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IE Conditional Comments

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Internet Explorer

As we all know too well, Internet Explorer is the browser that tends to cause web developers the most pain. Maybe it's because Microsoft currently has 3 very different browser versions we have to account for. Maybe it's because the earlier versions of the browsers didn't adhere to standards. Maybe it's because IE6 wasn't updated for so many years. Whatever the reason, IE is here and we have to deal with it.

CSS and JavaScript issues within each version of IE present us with layout and functionality issues. Double margins, floating and absolute positioning, and lack of PNG support are probably the most frequent problems. Luckily Internet Explorer has been supporting conditional comments which allow us to target blocks of HTML toward all IE browsers or specified IE browsers.

Examples of IE Conditional Comments

<!--[if IE]>
<style type="text/css">
a		{ color:#fff; }
</style>
<![endif]-->

The example above sets the color of links to red if the browser is any flavor of Internet Explorer.

<!--[if lt IE 8]>
<script src="http://ie7-js.googlecode.com/svn/version/2.0(beta3)/IE8.js" type="text/javascript"></script>
<![endif]-->

The example above example includes the IE8.js library int the page if the version of Internet Explorer is less than 8.

<!--[if IE 6]>
<script src="DD_belatedPNG.js"></script>
<script>
  DD_belatedPNG.fix('.png');
</script>
<![endif]-->

The example above fixes PNGs if the browser is Internet Explorer 6.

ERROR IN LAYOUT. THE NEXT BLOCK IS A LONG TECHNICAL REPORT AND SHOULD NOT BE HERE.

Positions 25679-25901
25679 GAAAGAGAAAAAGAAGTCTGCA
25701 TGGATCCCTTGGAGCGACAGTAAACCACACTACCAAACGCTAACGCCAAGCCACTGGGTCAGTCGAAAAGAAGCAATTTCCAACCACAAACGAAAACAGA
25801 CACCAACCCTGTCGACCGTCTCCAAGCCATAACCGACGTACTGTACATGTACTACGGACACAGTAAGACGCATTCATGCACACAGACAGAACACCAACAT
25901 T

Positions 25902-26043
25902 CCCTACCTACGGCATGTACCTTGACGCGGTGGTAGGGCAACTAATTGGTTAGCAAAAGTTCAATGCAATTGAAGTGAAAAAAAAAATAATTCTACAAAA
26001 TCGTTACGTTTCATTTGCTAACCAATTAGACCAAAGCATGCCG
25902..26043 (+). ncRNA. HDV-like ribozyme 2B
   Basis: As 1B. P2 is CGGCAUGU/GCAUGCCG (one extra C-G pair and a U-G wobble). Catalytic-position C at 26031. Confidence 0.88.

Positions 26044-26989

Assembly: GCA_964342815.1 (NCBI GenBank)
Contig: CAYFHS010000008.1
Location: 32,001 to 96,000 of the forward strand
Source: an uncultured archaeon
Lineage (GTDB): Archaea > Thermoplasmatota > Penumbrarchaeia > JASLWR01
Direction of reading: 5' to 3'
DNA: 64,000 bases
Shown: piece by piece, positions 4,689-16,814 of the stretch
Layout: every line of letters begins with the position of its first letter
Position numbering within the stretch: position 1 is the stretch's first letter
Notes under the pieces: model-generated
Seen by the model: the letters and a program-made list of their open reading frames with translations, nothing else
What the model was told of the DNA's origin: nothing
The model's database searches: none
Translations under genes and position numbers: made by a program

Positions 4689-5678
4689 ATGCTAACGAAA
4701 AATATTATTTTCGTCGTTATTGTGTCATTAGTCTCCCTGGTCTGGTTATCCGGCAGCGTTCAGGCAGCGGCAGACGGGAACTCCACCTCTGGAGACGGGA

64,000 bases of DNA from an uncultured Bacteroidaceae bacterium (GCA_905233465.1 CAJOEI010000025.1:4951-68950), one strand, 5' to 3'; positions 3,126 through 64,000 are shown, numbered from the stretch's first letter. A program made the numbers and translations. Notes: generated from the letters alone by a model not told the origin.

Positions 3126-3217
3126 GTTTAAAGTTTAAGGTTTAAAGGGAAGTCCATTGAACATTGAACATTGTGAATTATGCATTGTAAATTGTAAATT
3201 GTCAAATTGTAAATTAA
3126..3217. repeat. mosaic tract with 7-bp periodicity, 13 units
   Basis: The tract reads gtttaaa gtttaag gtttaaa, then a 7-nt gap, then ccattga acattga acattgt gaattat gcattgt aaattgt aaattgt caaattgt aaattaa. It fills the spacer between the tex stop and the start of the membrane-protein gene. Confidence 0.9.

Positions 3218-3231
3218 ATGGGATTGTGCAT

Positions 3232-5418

Conditional Comments Syntax Table

ItemExampleComment
![if !IE]The NOT operator. This is placed immediately in front of the feature, operator, or subexpression to reverse the Boolean meaning of the expression.
lt[if lt IE 5.5]The less-than operator. Returns true if the first argument is less than the second argument.
lte[if lte IE 6]The less-than or equal operator. Returns true if the first argument is less than or equal to the second argument.
gt[if gt IE 5]The greater-than operator. Returns true if the first argument is greater than the second argument.
gte[if gte IE 7]The greater-than or equal operator. Returns true if the first argument is greater than or equal to the second argument.
( )[if !(IE 7)]Subexpression operators. Used in conjunction with boolean operators to create more complex expressions.
&[if (gt IE 5)&(lt IE 7)]The AND operator. Returns true if all subexpressions evaluate to true
|[if (IE 6)|(IE 7)]The OR operator. Returns true if any of the subexpressions evaluates to true.

While we all dislike Internet Explorer's bugs, their conditional comment syntax provides us a perfect method for fixing them quickly.

Valuable Resources

  • If you'd like to cut one of the browser version issues out of the equation, you can always make IE8 emulate IE7.
  • Be sure to check out the MSDN documentation for Microsoft's "official" guide.
  • PPK has some awesome notes about conditional comments.

Have fun fixing your code in Internet Explorer with conditional comments!

ydkjs-3.png

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Discussion

  1. Keep that Voodoo nonsense to yo’self! :P

  2. Will

    Have you used IE7.js or IE8.js? I haven’t gotten around to testing them, but it looks like they could help in this area.

    http://code.google.com/p/ie7-js/

  3. @Will: Yep, I have used it before. It’s not for every project but it sure is nice!

  4. I use IE8.js and it’s been generally a Godsend except that it doesn’t seem to like playing with my DD_belatedPNG fix.

    I figure it’s better for smaller websites/projects but shouldn’t be used on anything large.

  5. Just take note that when you use the if !IE statement, the format differs, you don’t include the <!– section, only

  6. damn, comment got cut…

    <!– becomes <!

  7. (this is bad) But I’ve said sod it to IE6. IE7+8 aren’t too bad just some off css filters…